MARTIN: OK, I uplift the office of a congresswoman but when she acts like someone who is not respectful, I call her on it. And she doesn't look like me. So I don't understand how she can act so disrespectful to people who are trying to be respectful for the dead. So you're right. We've --


SELLERS: When did she lie? Tell me her lie. Tell me her lie, Ed.

MARTIN: It's much worse than lying. Can I finish? It's much worse than lying. It's taking a part of the speech, and part of a conversation and going out in public and demagoguing it. It's much worse than lying it's called exploiting a family that is suffering.

SELLERS: Please tell me -- please tell me why the president of the United States can lie and why the chief of staff --

MARTIN: He didn't lie.

SELLERS: -- of the United States of America can lie? He did lie, Ed. What are we talking about?

MARTIN: You're talking about --


SELLERS: He said that he did not -- the president of the United States said simply, the fact is he said he did not say that that young man know what he was getting into. He said that.


SELLERS: That's what he said.

MARTIN: No, no, no, no, no, --

SELLERS: That is a lie.

MARTIN: What he said --

SELLERS: The chief of staff of the United States of America came out and said, simply that this woman went down and took credit for $20 million --

[21:25:06] MARTIN: Right.

SELLERS: -- and was lambasted. He was talking about herself. That is not the case.


MARTIN: You can hang your hat on things like that and pretend that's what the truth is. The truth is the president tried to do something nice and it was misconstrued and Kelly tried to clarify it and it was misconstrued. And now you call it racist. You call it offensive and you're dividing America instead of bringing us together. You're the problem and Frederica Wilson.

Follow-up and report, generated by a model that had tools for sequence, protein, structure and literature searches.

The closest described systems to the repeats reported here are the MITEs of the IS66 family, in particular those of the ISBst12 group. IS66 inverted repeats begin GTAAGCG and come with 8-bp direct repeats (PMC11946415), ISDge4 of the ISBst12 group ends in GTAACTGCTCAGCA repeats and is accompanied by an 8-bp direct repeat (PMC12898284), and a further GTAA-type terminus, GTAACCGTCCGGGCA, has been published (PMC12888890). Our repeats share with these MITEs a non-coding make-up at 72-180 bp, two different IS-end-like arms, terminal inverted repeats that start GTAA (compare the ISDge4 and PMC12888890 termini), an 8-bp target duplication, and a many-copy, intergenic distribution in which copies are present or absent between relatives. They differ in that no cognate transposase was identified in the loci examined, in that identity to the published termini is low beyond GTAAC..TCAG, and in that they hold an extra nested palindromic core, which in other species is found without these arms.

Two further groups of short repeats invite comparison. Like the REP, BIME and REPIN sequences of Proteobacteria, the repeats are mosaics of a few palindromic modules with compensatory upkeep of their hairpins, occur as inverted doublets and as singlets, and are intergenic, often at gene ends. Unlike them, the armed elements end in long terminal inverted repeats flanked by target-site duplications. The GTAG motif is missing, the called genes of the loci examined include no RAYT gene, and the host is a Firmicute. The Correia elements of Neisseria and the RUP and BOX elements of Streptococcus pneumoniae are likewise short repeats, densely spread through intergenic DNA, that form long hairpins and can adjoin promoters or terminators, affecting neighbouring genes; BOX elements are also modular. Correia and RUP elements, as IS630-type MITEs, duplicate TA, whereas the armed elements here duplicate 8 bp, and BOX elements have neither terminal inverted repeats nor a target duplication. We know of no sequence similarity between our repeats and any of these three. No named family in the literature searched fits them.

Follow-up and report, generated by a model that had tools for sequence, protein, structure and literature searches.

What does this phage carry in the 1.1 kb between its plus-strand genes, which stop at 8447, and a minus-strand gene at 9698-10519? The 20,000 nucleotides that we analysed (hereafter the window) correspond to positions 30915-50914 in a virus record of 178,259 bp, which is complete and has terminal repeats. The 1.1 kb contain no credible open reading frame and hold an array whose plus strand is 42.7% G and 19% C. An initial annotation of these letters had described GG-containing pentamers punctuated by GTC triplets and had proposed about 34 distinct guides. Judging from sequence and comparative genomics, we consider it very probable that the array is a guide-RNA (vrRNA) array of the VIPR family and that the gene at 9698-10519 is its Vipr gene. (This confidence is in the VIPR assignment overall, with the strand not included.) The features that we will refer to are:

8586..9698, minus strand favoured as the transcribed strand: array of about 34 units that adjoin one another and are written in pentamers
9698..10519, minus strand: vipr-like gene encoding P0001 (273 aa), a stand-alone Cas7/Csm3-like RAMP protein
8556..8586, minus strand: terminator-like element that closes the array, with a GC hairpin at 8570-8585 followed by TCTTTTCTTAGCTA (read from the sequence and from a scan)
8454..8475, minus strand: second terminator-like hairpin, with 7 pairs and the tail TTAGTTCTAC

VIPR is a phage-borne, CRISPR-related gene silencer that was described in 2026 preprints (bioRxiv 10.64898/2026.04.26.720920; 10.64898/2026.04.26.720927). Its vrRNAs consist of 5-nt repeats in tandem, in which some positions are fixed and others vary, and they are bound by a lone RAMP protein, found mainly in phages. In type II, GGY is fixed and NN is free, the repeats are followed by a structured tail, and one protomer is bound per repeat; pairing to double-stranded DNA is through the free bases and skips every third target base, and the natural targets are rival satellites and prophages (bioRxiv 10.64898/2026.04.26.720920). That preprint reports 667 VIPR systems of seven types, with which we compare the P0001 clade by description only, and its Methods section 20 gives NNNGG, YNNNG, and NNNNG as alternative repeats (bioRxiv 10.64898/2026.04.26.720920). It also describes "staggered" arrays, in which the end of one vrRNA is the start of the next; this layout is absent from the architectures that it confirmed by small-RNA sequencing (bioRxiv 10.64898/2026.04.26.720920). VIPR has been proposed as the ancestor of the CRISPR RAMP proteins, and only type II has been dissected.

So what's going on?

SELLERS: With all due respect, I will go to my death being the problem of this country if I continue to speak the truth. You can say that I'm the problem and I'm dividing this country, but I will continue to speak the truth.

MARTIN: Right.

SELLERS: You know who else spoke the truth? Frederica Wilson.

MARTIN: I did. So did I.

SELLERS: Do you know who else spoke the truth? These four individuals who died and gave their lives so we have the freedom --

MARTIN: You go back to them and then segue to attacking people.

SELLERS: And no, because, you know what's crazy about this, I'm not attacking you, Ed, but I'm calling you out for what you are, which is an artist who does not tell the truth. And what we have our four people who died and we need to know why they died. MARTIN: I agree. I agree.

SELLERS: Six months ago you were out here wearing Benghazi t-shirt.

MARTIN: How is Frederica Wilson grandstanding furthering that? How does it helping that? How does this helping that?

SELLERS: How is she grandstanding by telling the truth, Ed.

MARTIN: How is this helping us make progress? How is it making progress --

SELLERS: By telling the truth.

MARTIN: The four, --


MARTIN: -- related to what you think about somebody being racist.

BERMAN: All right, guys.

MARTIN: I mean, --


BERMAN: We will continue --

SELLERS: You know what's the most amazing thing about this Ed? Ed, I love you with all my heart and I will continue to tell the truth.

BERMAN: We'll leave with the love. We'll love with the love. And with also the promise --

MARTIN: Thank you.

BERMAN: -- that we will continue to speak answers on what did happen to these four soldiers who died in Niger. Thank you so much everyone. I do appreciate it.

And we do have breaking news on the ambush that is -- at the center of this controversy. If you recall, four U.S. soldiers were killed in attack in Niger including Sergeant La David Johnson.

Tonight, four administration officials familiar with the investigation tell CNN that Johnson's remains were found a mile from the central location of the ambush. The Pentagon is looking at how and when Johnson got separated from the 12-member team. His body was found nearly 48 hours after they discovered he was missing, after the attack.

Up next, breaking news on the Russia investigation involves that meeting that Donald Trump Jr. had with Russian at Trump Tower during the presidential campaign, the details in just a moment.